Other than that the trip was great:


As for my life here in the village and how impressive the hospitality is, well let’s say that when I moved into the neighborhood I got more than a fruit-basket from the guy and gal next door. People stop me in the street, ask me if I’m eating and sleeping alright and then hand me a sack of potatoes, a 2-liter of yogurt or some jars of preserved fruits or veggies (homegrown, of course). Some ladies even knit some of these thick wool socks (called, “choo-rah-pee”) meant to be worn over regular socks so my toes wouldn’t get cold. This isn’t even particularly special treatment because I’m an outsider or something.

Concern for the well-being of neighbors is generally the highest priority. It’s a significant change from the far more dispersed social groups I was used to back home, where friends lived 10’s of miles apart from each other, even if in the same town or city.

Being here, more than anything, is a tremendous exercise in perspective. Everything that I had, in my community back home, is here as well. The difference however is that it’s all mixed up and differently ordered, and because of that, it makes you see it rather than take it for granted, because for at least a moment you have to look for it.

Example: being so isolated I come to realize how important human connection is because I’m not overloaded with it as would be the norm back home. Another example would be how important tradition can be because it offers us a chance to step outside cynicism and questioning the purpose of things and just “do and be happy doing” whatever our shared ritual is. Happiness, I’m coming to realize in a lot of otherwise neutral moments, is an issue of making the choice to enjoy one’s self at that moment.

(Christmas celebration in the church) 

I cannot thank enough the people who have taken me in here. Who have befriended me in an open, honest and immediate fashion. They are categorically patient, caring and excellent cooks as well. And you know what they say about the fastest way to a man’s heart – it doesn’t just apply to romance, friendship is built over meals as well. 

(Me and some of the guys at the pre-NYE party)

The question of why I’m here comes up every time I have a serious enough conversation with someone for the first time and they are always extremely pleased to hear that I’m here to work with their mayor to help develop tourism, business and the community (how it works together and self-organizes) in general. It’s almost a joke because the fact of the matter is that for them I am an extra one person making a small change in scenery for the 400 who live here. At the same time, for me they are 400 people who make up the entirety of the social life of one person in this village – me. To them I am something small and perhaps shiny, to me, they are everything there is in my day-to-day.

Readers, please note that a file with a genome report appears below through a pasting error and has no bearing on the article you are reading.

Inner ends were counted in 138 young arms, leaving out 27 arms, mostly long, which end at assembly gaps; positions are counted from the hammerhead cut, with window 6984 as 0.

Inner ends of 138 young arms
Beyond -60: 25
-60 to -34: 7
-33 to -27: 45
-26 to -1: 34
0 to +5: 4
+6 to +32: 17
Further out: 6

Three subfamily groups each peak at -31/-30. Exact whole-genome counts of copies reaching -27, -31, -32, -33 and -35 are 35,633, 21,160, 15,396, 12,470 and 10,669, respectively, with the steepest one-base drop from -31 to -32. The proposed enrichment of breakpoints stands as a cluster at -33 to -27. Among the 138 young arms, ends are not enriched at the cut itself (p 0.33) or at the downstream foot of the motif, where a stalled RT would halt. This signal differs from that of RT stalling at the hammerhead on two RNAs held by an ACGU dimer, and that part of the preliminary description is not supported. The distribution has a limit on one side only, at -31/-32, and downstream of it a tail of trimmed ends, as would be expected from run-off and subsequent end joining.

It’s a common conclusion of long conversations among PC volunteers and Staff that the volunteer gets more out of their experience than their community or their counterparts. We’re supposed to build “friendships rather than monuments,” which are often things that look nice at first but go un-used for various reasons. We’re here to change people by giving of ourselves, pushing whatever gifts we can manage through the language and cultural barriers between us.

Concretely this means teaching and training things like English, computer skills, organizational skills and habits as well as business concepts or even just questioning accepted pessimisms and helping to break them down and replace them with some of that American Can-Do-ism.

(The boss)

(The F’r’ner)

(The Office)

When it gets down to it, there is no amount of training, writing of grants or changing of attitudes that can be made as compensation for unconditional friendship and hospitality given from one stranger to another, at the drop of a hat. Some things simply cannot be repaid.

Had to go to the capital on a day when no one was leaving the village…looks like I’m walkin’.

“Hey walk with me, I gotta walk this cow that’s ready for milking down the North path to the main road. There’ll be a guy there with a truck and he can drive you to the next town where you can catch a bus.


Leaving the school after giving the kids a test.


Yesterday I had my first experience in Benevolent Authoritarianism.

To explain, I was leaving work to go teach some English and noticed one of my students walking the other way with another girl from the village.

“You’re not coming to class?” I asked.

“Haha, no we’re going to the internet room.”

“Hmm, I said…” Then I walked into the internet room (downstairs in the mayoralty) and told the guy running it at that time that there were two girls outside and to not let them use the internet until 5pm, when my classes would be done. I then walked back outside to the students.

“You can’t use the internet until 5pm, I’ll open it for you, come to class.”

We all laughed and then they came to class, which was a pretty good session.

Good times.

Also, this morning was beautiful.

Winter has come. This is how I prepare for a late-night trip to the office to call the states, “по”-Internet.